Secondary organic aerosol (SOA), formed from in-air oxidation of volatile organic compounds, greatly affects human health and climate. Although substantial research has been devoted to SOA formation and evolution, the modeled and lab-generated SOA are still low in mass and degree of oxidation compared to ambient measurements. In order to compensate for these discrepancies, the aqueous processing pathway has been brought to attention. The atmospheric waters serve as aqueous reaction media for dissolved organics to undergo further oxidation, oligomerization, or other functionalization reactions, which decreases the vapor pressure while increasing the oxidation state of carbon atoms. Field evidence for aqueous processing requires the identification of tracer products such as organosulfates. We synthesized the standards for two organosulfates, glycolic acid sulfate and lactic acid sulfate, in order to measure their aerosol-state concentration from five distinct locations via filter samples. The water-extracted filter samples were analyzed by LC-MS. Lactic acid sulfate and glycolic acid sulfate were detected in urban locations in the United States, Mexico City, and Pakistan with varied concentrations, indicating their potential as tracers. We studied the aqueous processing reaction between glyoxal and nitrogen-containing species such as ammonium and amines exclusively by NMR spectrometry. The reaction products formic acid and several imidazoles along with the quantified kinetics were reported. The brown carbon generated from these reactions were quantified optically by UV-Vis spectroscopy. The organic-phase reaction between oxygen molecule and alkenes photosensitized by alpha-dicarbonyls were studied in the same manner. We observed the fast kinetics transferring alkenes to epoxides under simulated sunlight. Statistical estimations indicate a very effective conversion of aerosol-phase alkenes to epoxides, potentially forming organosulfates in a deliquescence event and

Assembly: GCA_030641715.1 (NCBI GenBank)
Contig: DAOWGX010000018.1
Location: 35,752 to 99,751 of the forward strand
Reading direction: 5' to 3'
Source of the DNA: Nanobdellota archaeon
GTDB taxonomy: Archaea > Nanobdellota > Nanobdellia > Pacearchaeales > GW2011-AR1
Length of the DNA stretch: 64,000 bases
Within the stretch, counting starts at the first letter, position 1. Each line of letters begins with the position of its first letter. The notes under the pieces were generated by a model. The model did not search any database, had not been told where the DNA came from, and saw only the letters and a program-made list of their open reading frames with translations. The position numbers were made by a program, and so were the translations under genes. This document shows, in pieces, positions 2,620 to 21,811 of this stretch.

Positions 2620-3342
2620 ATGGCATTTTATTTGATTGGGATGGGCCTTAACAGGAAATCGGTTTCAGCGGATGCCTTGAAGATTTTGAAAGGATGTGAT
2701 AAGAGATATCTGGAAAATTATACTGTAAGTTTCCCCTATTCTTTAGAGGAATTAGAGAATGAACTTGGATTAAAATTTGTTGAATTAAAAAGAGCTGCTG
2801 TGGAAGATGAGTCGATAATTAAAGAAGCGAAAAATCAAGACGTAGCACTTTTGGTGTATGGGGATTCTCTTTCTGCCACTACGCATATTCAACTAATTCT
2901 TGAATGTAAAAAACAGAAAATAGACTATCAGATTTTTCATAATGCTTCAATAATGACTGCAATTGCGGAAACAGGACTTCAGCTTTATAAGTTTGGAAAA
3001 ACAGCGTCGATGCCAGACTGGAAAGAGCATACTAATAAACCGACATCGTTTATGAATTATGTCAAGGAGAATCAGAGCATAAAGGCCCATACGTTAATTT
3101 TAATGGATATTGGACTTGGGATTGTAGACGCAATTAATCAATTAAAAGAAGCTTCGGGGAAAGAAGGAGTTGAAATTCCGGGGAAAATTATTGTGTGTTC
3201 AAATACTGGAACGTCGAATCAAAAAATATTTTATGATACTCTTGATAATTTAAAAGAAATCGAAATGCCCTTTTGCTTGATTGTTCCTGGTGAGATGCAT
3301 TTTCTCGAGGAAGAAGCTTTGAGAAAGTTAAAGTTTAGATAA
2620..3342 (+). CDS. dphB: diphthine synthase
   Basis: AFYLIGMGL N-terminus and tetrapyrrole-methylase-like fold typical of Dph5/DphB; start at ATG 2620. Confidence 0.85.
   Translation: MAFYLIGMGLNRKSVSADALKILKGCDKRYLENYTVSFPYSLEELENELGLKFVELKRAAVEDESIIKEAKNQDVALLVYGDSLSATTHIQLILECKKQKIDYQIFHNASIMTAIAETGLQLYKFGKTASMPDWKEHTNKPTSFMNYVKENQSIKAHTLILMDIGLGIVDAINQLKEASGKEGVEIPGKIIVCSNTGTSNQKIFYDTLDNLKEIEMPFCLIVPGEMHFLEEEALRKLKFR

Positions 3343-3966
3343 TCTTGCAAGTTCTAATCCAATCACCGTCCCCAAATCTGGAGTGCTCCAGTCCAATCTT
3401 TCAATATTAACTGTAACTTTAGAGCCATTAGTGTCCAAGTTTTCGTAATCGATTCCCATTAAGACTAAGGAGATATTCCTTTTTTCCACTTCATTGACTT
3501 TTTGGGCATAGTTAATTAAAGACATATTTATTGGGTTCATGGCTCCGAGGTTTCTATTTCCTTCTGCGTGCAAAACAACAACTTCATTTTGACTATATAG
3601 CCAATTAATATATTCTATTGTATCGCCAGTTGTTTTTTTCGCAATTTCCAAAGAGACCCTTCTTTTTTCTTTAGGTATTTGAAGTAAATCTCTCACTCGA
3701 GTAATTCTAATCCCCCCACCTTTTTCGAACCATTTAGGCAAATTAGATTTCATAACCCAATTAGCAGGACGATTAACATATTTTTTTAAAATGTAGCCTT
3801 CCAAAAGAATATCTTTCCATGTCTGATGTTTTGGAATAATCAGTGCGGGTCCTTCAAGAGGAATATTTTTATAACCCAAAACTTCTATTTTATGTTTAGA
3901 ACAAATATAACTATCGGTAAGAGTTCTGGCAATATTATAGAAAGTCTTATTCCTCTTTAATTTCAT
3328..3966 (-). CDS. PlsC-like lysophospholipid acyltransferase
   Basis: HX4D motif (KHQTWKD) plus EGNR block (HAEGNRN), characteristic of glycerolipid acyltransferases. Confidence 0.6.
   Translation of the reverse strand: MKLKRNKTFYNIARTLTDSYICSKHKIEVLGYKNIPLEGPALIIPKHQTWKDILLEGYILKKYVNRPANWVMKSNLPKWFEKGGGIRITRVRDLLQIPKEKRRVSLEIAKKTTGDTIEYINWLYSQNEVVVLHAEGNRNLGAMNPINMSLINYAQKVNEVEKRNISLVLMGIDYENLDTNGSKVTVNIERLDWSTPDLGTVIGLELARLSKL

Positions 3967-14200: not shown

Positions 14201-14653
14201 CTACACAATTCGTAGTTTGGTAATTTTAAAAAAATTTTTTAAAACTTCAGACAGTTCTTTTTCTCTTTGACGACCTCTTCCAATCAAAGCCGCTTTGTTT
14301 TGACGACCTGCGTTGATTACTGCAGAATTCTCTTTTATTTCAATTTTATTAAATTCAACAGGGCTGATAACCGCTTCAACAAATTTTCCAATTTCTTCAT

14. Novel Small Molecule Antagonists of the Interaction of the Androgen Receptor and Transcriptional Co-regulators (United States)


    Netherlands ) (see appendices). Small Molecule Inhibitors of the Androgen Receptor Transcriptional Activity for Prostate Cancer Drug Discovery...peritoneal injection, tail injection, oral gavage, retro-orbital blood sampling, isoflurane anesthesia, CO2 euthanasia , cardiac stick, organ harvesting...Discovery Poster Award, Androgens 2008 Meeting, Rotterdam (The Netherlands ), October 2008 Novel Small Molecules Antagonists of the Interaction of

  15. Terminal moiety-driven electrical performance of asymmetric small-molecule-based organic solar cells

    DEFF Research Database (Denmark)

    Huang, Jianhua; Zhang, Shanlin; jiang, Bo


    With respect to the successes from symmetric small molecules, asymmetric ones have recently emerged as an alternative choice. In this paper, we present the synthesis and photovoltaic properties of four asymmetric small molecule donors. The benzo[1,2-b:4,5-b']dithiophene (BDT) end in the asymmetri...

  16. Identification of small molecule inhibitors of phosphatidylinositol 3-kinase and autophagy

    DEFF Research Database (Denmark)

    Farkas, Thomas; Daugaard, Mads; Jaattela, Marja


    by the lack of specific small molecule inhibitors. Thus, we screened two small molecule kinase inhibitor libraries for inhibitors of rapamycin-induced autophagic flux. The three most potent inhibitors identified conferred profound inhibition of autophagic flux by inhibiting the formation of autophagosomes...

  17. Group specific internal standard technology (GSIST) for simultaneous identification and quantification of small molecules (United States)

    Adamec, Jiri; Yang, Wen-Chu; Regnier, Fred E


    Reagents and methods are provided that permit simultaneous analysis of multiple diverse small molecule analytes present in a complex mixture. Samples are labeled with chemically identical but isotopically distince forms of the labeling reagent, and analyzed using mass spectrometry. A single reagent simultaneously derivatizes multiple small molecule analytes having different reactive functional groups.

  18. Battle for the bulge: directing small molecules to DNA and RNA defects. (United States)

    Bevilacqua, Philip C